The Climate Crisis 2022: Part 1- The Greenhouse Gas Effect

Hello, my name is Tiffany. I am a member of the Flamingo Garden’s Eco-teers, a volunteer outreach group that focus on environmental projects in Broward County promoting habitat protection, coastal resilience, and climate education.

Today we have teamed up with the CLEO Institute to help connect the dots between climate science, impacts and solutions. The CLEO Institute is a nonprofit, nonpartisan organization dedicated to climate education and advocacy. All the information presented in this article comes from reputable, scientific organizations and institutions.

Before you can understand the climate crisis you need to understand the greenhouse effect. The greenhouse gas effect is the natural heating (global warming) of the Earth’s surface by heat-trapping gases (called greenhouse gases) in the atmosphere that trap heat radiating from Earth toward space.2

The flow of incoming solar energy is equivalent to the flow of outgoing heat from Earth towards space. When the outgoing heat (outgoing because it’s heading back to outer space) energy encounters greenhouse gases, the gasses trap the outgoing heat keeping it in the atmosphere! The heat is then re-radiated back towards the Earth again, creating a blanketing effect. This supplemental heating of the Earth’s surface by heat-trapping gases is called the greenhouse gas effect. The greenhouse gas effect is necessary for life on Earth. It keeps the Earth at a perfect temperature. Without it, we would live on a frozen tundra.


The problem is that TOO MUCH of that energy that is supposed to be outgoing into space, is instead being trapped by greenhouse gases. Why? Because human kind has increased the concentration of greenhouse gases in the atmosphere due to burning fossil fuels that emit greenhouse gasses, like Carbon dioxide (CO2).

Before the Industrial Revolution, natural climate variation caused atmospheric CO2 to vary between 200 ppm (parts per million) in the ice ages and 300 ppm in warmer temperatures. Today we are at 414 ppm of CO2 in the atmosphere, a statistically significant differenceRemember, that when we talk about climate change – we are taking about a change in precipitation and temperature patterns over a long period of time, spanning up from hundreds to millions of years.

Scientists have identified how much CO2 comes from natural sources, and how much comes from combusted fossil fuel sources. Compared to other carbon sources, carbon from fossil fuels has a distinctly different “signature,” or molecular fingerprint. Carbon dioxide (CO2) is an important heat-trapping (greenhouse) gas, and it is known as the driver of climate change. CO2 is released through human activities like burning fossil fuels and deforestation. Certain natural processes release CO2, like plants and human respiration and volcanic eruptions, but natural processes are not causing this statistical increase – the rate at which humans are pumping greenhouse gasses in the atmosphere is.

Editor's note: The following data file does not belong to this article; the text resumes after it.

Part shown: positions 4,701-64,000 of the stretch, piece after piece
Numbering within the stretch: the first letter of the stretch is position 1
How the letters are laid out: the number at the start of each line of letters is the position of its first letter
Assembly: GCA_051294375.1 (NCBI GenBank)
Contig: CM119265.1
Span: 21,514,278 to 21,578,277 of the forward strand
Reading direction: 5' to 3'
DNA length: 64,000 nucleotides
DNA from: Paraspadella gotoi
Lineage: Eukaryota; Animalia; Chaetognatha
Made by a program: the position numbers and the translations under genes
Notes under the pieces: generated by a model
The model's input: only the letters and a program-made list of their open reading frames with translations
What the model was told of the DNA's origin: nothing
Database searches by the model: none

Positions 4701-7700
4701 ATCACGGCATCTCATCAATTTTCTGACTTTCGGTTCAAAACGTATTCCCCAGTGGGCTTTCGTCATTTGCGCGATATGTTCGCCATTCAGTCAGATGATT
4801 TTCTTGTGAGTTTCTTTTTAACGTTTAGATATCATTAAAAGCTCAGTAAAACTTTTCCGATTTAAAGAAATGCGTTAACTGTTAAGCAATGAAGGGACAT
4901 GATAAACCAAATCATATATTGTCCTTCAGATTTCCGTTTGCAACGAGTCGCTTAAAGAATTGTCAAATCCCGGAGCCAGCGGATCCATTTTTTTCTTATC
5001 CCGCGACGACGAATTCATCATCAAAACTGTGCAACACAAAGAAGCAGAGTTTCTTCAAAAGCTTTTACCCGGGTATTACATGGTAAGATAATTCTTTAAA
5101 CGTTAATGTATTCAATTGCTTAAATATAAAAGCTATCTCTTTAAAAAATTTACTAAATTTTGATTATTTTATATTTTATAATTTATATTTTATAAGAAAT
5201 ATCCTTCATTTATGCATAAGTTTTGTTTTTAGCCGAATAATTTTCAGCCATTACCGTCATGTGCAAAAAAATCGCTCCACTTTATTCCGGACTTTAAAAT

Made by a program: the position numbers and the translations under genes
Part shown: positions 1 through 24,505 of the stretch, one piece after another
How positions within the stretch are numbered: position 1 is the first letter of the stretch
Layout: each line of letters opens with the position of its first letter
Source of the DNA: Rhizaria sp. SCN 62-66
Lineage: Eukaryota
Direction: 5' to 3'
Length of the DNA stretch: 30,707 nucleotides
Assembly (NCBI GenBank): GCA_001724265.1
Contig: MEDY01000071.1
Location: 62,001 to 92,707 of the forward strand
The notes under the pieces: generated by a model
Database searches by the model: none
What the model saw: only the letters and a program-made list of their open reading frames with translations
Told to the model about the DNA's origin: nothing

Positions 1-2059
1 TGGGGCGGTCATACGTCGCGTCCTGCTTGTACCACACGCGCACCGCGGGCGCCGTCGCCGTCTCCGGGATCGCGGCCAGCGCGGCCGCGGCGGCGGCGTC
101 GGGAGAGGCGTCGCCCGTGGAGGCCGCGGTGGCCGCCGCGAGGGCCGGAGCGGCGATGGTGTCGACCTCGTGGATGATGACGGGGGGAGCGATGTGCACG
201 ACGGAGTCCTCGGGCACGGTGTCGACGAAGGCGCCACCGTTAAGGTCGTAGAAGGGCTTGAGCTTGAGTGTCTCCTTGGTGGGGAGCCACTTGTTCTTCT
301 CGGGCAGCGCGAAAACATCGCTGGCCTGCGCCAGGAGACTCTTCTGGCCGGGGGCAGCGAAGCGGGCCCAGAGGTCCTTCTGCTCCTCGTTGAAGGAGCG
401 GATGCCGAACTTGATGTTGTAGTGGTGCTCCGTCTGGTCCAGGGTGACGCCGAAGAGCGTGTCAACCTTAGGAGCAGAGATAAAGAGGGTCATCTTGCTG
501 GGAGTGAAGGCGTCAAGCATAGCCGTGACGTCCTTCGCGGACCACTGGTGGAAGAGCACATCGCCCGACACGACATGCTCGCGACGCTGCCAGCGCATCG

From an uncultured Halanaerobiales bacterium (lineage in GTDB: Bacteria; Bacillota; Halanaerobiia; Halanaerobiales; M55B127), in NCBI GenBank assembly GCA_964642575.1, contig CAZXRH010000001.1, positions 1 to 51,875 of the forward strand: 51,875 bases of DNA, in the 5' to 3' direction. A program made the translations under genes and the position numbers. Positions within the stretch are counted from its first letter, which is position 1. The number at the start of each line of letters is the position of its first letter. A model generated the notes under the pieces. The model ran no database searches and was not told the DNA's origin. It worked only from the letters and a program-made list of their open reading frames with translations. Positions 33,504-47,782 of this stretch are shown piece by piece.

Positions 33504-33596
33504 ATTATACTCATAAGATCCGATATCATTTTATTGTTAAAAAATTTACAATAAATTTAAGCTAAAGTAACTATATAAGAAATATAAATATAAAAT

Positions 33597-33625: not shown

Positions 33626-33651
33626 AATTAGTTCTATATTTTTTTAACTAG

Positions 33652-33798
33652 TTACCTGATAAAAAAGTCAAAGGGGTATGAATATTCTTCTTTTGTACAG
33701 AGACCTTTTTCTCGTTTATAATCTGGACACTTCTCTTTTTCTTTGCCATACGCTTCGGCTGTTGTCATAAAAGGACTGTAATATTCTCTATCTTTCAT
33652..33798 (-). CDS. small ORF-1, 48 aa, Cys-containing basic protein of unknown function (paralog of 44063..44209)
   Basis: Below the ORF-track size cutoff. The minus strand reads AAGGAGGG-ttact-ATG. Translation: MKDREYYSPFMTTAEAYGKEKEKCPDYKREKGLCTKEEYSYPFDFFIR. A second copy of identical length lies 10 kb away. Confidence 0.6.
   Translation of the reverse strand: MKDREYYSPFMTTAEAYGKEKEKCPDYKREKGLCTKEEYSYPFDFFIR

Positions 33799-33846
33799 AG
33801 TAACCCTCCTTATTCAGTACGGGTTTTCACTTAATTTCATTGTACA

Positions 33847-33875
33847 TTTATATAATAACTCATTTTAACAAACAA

There are some that do not believe in climate change but there is a scientific consensus on the matter. 99% of international climate scientists agree that global warming is increasing, it is caused by human activity, and it is happening now.

Think of it this way – If a fireman calls you and tells you they are 97% sure your house is on fire, are you going to stand around and think about the 3% of uncertainty or are you going to ask him to put out the fire?

Experts are telling us our planet is on fire- what we do next will determine the future of the planet.

The climate crisis impacts everything that we care about. We all have one thing in common- Earth, and it’s the only one we have.  Everything we care about is connected to our planet, which is why we must do everything we can to preserve it. Now.


About the Author- Tiffany Engel is a Senior at David Posnack Jewish Day School and volunteer member of Flamingo Gardens’ Eco-teers. Her blog The Greenhouse Gas Effect is Part 1 of the “Climate Change 101” presentation presented by the Eco-teers as part of their November 2022 Climate Fair. Look for Part II, Climate Change Impacts, to follow next month.